By 1987, Mel Gibson was already an established star. He had led the “Mad Max” series from cult phenomenon to mainstream blockbuster and had even earned some critical recognition for “The Year of Living Dangerously” and “The Bounty.” “Lethal Weapon,” however, is the movie that made him a superstar. Martin Riggs is a character perfectly suited to Mel Gibson’s charms. Riggs is a troubled man. The character is casually shown putting a gun to his head and smashing a TV. His establishing moment is when he busts up a cocaine deal behind a Christmas tree lot, the deal rising to disagreement and eventually violence. Or maybe it’s the direct way he deals with a potential jumper. Gibson is able to play Riggs as more then just an outrageous daredevil with a death wish. He brings a humanity to the part, while maintaining that essential Gibsonian charm and riotous humor.

Danny Glover’s Murtaugh, meanwhile, is the ideal foil for Riggs. He’s introduced in the bathtub, his kids and wife bringing him a cake and telling him he looks fifty. In other words, he’s a family man. The second establishing moment he has comes when he utters the immortal line, “I’m getting too old for this shit.” This is not so much about Murtaugh’s age as it is how established he is, about showing his roots. Glover has no problem filling the part. He brings an innate likable to Murtaugh, with an affable, wise edge. Glover can also be tough though, when the occasion calls for it, and he is effective in that role too.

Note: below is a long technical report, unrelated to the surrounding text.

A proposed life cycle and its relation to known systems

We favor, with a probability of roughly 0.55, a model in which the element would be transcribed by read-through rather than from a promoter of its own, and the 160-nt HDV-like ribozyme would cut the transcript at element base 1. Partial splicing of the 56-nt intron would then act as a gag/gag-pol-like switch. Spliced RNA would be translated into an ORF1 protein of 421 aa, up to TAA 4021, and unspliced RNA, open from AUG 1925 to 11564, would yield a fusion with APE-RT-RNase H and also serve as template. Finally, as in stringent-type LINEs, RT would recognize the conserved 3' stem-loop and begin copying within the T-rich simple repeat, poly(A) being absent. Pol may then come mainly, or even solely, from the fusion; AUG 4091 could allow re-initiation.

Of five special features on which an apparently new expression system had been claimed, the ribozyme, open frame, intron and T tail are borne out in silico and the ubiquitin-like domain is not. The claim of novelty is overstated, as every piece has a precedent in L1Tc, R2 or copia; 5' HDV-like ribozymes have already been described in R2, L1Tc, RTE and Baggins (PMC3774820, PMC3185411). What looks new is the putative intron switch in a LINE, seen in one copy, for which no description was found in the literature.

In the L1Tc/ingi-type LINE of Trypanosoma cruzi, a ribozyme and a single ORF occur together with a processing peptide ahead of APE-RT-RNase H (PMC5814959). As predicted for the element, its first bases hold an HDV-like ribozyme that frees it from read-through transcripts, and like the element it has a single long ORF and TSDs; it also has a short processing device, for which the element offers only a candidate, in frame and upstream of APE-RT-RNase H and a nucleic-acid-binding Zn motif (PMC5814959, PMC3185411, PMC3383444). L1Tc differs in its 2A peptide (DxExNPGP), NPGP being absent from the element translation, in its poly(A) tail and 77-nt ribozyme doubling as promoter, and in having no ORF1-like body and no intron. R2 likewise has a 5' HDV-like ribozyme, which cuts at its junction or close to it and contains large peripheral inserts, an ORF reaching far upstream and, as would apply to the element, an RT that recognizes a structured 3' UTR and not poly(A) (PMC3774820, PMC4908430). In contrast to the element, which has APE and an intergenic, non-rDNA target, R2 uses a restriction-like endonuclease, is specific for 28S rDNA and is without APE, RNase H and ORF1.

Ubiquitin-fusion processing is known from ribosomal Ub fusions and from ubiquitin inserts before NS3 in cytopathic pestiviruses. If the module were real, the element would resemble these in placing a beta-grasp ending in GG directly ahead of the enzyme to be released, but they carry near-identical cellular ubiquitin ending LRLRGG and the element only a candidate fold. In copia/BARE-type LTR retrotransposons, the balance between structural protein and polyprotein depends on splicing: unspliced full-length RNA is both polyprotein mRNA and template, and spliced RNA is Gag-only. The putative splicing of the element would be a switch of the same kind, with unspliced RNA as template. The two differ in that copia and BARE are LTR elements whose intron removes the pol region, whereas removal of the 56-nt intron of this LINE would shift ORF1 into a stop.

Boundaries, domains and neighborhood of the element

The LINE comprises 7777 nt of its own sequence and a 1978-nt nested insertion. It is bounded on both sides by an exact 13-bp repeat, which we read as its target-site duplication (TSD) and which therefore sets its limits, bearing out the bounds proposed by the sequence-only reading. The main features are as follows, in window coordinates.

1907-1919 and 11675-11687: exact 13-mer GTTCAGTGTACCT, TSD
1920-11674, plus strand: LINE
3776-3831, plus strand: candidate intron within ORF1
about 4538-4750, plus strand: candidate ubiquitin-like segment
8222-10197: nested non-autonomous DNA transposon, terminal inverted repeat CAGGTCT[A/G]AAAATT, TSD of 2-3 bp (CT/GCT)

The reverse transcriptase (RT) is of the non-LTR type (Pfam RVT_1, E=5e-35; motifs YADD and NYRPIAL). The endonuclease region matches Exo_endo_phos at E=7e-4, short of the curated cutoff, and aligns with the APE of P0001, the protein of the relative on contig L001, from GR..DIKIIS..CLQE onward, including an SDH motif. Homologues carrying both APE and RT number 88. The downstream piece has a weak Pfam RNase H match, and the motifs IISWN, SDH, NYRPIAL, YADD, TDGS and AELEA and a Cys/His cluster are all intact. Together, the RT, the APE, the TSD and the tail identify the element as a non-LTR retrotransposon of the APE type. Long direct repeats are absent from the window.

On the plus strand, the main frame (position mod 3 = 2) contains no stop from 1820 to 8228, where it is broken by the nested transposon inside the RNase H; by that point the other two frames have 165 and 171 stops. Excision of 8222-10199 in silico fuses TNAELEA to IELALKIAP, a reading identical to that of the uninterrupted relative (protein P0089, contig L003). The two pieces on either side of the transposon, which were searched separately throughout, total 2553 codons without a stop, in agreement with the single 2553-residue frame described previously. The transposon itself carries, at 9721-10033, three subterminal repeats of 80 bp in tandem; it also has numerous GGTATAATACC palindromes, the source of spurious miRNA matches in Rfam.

More important is the relationship between the two. Naturally, at first, Murtaugh is suspicious of the guy. He finds his method unorthodox. Despite that, there is an immediate spark. Their early moments together, when Riggs is munching on a hot dog and the two are casually scooping out assignments together, are friendly and light. The pivotal moment comes when Murtaugh realizes Riggs isn’t faking, that he’s really crazy. After that, the two develop an honest friendship. Murtaugh invites him over for dinner with his family. They bond on his fishing boat. The best part is when they are formulating the case together, casually shooting the shit about what may or may be happen. It’s a fun way to keep the wheels on the story turning while also deepening the relationship between the guys.